It seems as though a certain cloud of mysteriousness that envelopes the doctrine

of the Holy Spirit has lent itself to numerous errors. The church has somewhat shirked from the task of developing fully the truth in this respect since the matters to he dealt with are oft regarded as profoundly difficult and extend far beyond the scope of simple comprehension. The enemies of the truth readily capitalize upon this reluctance and hasten to spread abroad their perverted conceptions which are more easily understood, and, consequently, more generally accepted. The modernist does not hide his aversion to the truth concerning the personality of the Holy Spirit. Ignoring the plain truth that throughout Scripture personal names, acts, virtues and powers are ascribed to Him, he proceeds to reason that since Spirit means literally wind or breath, therefore, the Spirit is only a mystical influence or power.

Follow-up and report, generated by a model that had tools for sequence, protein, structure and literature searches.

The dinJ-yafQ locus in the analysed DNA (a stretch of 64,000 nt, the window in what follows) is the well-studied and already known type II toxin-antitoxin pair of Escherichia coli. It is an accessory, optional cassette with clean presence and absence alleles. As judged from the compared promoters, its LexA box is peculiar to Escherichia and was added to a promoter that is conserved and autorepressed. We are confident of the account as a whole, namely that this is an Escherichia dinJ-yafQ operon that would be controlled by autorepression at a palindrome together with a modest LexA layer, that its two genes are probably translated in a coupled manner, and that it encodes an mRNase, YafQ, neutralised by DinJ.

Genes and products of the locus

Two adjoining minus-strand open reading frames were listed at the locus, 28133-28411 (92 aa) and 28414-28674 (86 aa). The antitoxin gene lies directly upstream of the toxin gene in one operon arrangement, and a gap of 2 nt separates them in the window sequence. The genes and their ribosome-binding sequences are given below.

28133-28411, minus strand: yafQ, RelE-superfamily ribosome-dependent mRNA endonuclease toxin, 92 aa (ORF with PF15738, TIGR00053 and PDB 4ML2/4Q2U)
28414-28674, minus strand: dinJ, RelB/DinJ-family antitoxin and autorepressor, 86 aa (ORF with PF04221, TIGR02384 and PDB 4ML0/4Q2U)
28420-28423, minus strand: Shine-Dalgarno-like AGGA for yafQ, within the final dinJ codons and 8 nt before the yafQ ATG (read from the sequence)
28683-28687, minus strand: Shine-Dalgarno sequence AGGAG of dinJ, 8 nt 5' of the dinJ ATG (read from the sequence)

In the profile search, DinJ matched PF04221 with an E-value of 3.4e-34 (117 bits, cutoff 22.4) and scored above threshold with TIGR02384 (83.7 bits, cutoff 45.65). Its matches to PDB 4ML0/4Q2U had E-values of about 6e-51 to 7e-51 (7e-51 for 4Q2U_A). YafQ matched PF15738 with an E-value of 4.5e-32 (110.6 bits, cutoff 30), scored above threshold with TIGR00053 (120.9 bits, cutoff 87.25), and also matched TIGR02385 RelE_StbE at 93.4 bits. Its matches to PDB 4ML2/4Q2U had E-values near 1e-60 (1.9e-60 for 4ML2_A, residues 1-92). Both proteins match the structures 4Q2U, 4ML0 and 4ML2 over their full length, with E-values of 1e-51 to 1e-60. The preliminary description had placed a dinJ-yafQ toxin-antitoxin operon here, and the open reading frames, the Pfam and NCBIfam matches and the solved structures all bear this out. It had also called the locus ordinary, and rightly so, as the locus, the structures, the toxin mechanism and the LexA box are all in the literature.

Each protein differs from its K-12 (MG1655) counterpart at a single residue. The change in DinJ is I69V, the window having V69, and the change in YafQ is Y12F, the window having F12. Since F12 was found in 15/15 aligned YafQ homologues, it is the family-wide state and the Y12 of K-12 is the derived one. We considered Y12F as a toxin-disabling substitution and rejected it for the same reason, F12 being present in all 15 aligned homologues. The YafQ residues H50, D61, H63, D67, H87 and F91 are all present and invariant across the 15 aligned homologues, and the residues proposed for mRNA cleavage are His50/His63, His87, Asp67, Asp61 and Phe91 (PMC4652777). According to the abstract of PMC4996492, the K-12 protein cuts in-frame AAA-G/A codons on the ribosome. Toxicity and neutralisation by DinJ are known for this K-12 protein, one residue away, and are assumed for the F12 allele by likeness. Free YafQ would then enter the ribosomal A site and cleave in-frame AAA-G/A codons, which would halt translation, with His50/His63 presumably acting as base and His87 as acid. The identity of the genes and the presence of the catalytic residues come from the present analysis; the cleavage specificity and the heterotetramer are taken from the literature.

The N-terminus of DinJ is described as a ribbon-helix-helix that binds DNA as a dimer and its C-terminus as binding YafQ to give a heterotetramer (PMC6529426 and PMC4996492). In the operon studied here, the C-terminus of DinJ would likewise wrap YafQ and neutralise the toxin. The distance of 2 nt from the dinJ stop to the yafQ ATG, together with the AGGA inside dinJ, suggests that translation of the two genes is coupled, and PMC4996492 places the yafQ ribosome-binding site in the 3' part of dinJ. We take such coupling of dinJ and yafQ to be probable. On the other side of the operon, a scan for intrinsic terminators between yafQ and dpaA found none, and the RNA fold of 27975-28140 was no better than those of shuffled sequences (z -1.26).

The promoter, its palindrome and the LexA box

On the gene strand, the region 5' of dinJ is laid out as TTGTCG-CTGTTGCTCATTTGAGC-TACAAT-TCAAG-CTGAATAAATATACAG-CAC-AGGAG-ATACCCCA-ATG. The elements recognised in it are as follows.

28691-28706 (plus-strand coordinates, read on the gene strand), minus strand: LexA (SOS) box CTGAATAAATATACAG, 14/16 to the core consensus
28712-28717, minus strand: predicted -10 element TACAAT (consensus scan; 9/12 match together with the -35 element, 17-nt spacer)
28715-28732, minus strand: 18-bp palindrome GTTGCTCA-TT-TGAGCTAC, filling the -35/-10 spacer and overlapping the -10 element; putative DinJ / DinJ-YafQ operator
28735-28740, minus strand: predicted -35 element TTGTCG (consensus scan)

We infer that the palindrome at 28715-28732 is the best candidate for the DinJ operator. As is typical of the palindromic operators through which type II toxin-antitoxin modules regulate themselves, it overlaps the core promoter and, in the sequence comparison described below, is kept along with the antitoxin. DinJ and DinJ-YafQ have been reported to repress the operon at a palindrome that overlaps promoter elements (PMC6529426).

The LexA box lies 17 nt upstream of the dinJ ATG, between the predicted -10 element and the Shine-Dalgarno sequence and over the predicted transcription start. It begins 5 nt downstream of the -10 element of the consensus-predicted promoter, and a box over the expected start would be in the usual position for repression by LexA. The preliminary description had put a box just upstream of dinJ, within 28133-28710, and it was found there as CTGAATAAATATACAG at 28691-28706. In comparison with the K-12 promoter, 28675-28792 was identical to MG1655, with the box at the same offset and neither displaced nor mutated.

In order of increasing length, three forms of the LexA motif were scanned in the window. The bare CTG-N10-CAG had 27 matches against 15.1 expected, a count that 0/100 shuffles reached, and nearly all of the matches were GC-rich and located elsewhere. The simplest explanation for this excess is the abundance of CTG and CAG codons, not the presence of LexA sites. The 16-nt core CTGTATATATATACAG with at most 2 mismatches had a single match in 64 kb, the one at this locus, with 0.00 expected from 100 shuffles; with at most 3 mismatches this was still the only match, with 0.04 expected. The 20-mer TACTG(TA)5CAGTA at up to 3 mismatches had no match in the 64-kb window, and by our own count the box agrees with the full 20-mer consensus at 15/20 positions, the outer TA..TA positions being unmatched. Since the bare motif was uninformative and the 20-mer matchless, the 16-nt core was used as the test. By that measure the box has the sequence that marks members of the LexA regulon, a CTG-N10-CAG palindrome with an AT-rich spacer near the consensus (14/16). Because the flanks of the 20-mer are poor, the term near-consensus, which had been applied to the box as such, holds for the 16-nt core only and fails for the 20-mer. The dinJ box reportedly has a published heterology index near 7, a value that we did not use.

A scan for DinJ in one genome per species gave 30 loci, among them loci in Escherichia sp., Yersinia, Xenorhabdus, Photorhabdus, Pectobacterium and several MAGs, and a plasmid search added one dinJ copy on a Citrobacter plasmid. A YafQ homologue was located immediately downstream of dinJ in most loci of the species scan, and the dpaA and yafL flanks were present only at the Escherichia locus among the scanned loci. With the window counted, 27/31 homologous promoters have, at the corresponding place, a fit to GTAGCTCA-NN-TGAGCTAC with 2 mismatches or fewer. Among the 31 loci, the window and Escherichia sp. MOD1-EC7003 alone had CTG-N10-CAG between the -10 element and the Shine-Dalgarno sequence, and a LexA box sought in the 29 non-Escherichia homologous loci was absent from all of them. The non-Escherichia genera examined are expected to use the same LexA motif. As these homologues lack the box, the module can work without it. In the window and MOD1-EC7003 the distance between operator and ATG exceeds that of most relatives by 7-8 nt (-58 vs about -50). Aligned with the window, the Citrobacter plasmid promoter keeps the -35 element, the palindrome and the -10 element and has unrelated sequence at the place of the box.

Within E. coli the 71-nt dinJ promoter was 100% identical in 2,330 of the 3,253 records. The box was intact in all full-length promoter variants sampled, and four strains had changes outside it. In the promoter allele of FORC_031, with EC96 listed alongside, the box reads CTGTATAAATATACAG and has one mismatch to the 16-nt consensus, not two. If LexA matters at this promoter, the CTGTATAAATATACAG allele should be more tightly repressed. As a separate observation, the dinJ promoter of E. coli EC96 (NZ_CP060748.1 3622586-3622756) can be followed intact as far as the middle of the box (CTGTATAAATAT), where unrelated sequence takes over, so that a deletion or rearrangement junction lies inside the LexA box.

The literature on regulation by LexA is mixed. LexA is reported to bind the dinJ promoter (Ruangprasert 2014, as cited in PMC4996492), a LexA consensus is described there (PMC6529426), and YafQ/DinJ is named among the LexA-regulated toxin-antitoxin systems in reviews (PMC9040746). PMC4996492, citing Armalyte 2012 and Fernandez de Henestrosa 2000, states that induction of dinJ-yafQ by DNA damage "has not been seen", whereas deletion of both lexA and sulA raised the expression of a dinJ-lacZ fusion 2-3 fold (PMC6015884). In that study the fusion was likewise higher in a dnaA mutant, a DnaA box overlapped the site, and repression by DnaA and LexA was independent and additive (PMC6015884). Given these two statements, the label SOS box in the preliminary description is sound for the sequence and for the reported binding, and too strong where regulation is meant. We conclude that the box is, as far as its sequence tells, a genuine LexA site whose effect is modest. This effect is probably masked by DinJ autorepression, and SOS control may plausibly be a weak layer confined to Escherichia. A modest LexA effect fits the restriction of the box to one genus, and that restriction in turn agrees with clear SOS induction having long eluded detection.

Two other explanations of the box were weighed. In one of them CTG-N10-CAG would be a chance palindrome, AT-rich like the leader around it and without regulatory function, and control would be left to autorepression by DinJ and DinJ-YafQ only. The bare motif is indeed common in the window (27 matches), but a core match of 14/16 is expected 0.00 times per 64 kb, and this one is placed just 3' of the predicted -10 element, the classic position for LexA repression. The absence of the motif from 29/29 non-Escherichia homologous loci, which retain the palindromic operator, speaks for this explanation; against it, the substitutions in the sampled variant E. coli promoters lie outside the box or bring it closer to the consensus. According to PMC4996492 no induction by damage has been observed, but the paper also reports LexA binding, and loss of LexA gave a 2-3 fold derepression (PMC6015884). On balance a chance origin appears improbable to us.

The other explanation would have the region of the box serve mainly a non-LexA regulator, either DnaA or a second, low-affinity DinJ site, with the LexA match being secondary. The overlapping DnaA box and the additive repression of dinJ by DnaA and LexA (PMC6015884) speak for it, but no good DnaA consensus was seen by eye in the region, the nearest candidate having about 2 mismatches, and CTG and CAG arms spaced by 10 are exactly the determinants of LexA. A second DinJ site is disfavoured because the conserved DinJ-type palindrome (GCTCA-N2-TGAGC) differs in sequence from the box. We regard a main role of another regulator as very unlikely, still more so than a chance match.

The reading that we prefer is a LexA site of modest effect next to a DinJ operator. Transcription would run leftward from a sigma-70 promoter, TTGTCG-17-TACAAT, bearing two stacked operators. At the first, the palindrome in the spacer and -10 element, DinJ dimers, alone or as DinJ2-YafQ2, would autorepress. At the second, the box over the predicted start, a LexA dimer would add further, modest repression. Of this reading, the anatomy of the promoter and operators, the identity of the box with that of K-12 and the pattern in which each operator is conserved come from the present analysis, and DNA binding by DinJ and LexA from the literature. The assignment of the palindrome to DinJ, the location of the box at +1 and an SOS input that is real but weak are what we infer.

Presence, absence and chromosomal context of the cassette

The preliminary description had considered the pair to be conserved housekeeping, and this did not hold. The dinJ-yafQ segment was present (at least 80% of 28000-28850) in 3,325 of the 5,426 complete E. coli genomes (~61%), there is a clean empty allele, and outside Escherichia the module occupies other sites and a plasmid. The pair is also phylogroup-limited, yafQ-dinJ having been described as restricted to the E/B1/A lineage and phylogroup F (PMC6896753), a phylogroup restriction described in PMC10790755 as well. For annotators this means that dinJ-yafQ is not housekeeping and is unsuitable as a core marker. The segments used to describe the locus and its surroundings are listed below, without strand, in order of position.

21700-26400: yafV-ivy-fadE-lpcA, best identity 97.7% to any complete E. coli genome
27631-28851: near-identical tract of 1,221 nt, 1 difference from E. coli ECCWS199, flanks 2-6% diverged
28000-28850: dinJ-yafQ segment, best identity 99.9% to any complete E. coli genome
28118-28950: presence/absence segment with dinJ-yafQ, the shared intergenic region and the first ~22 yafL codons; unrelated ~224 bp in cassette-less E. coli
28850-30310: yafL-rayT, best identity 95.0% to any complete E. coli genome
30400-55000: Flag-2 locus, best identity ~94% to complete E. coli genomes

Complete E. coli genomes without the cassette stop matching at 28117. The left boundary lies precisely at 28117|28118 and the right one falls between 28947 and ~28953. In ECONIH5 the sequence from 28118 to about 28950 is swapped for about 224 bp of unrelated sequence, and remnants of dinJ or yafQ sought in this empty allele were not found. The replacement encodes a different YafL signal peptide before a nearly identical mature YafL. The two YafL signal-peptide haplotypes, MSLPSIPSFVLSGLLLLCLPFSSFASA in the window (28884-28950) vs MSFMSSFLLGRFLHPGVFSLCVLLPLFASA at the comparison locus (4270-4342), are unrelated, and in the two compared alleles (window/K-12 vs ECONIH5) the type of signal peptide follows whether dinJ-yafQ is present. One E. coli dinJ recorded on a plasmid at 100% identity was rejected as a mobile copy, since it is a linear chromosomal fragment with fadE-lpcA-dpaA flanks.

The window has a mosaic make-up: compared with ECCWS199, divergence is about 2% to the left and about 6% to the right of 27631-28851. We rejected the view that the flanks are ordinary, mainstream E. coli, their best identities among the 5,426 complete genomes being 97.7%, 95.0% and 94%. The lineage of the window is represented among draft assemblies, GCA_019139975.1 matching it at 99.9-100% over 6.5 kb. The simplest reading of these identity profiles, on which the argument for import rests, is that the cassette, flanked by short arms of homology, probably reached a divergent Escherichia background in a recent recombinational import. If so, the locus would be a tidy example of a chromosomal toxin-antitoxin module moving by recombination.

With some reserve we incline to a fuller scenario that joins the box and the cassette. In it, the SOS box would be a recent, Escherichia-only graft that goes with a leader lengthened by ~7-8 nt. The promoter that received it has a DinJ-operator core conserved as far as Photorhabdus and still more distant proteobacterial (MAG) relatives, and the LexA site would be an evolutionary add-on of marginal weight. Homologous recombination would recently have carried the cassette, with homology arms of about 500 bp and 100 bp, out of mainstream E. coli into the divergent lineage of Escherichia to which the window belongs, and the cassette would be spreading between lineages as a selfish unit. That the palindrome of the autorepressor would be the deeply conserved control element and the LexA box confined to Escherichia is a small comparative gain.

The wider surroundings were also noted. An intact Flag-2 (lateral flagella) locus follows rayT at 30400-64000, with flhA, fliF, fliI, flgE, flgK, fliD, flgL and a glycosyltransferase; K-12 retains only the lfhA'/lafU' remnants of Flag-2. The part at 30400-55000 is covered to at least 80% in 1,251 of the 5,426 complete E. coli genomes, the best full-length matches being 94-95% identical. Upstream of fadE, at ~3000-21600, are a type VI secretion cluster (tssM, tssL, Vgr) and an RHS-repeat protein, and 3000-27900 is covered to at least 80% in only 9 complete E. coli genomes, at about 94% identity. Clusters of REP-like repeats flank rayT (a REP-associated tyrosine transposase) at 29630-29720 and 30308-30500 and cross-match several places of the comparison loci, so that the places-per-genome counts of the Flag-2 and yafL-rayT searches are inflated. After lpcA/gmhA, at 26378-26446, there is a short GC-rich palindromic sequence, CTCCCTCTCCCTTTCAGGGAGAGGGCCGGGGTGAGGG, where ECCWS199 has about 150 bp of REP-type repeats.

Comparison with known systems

From earliest times there have been those who have attempted to destroy the God

head by denying the truth of the Trinity, reducing the Holy Spirit to the equivalent of the human spirit. They are ready to agree with your confession of faith in the Holy Spirit provided that by this you mean that in the same sense that you can and do speak of the spirit of man, you can ascribe to God a spirit. There is no essential difference between God and man. Any differences that may exist are only those of degree. God is only a higher developed being. Over the question of the procession of the Spirit within the God-head, the early Eastern and Western Church struggled bitterly. The former denied while the latter maintained the double procession and the result was a schism of great magnitude.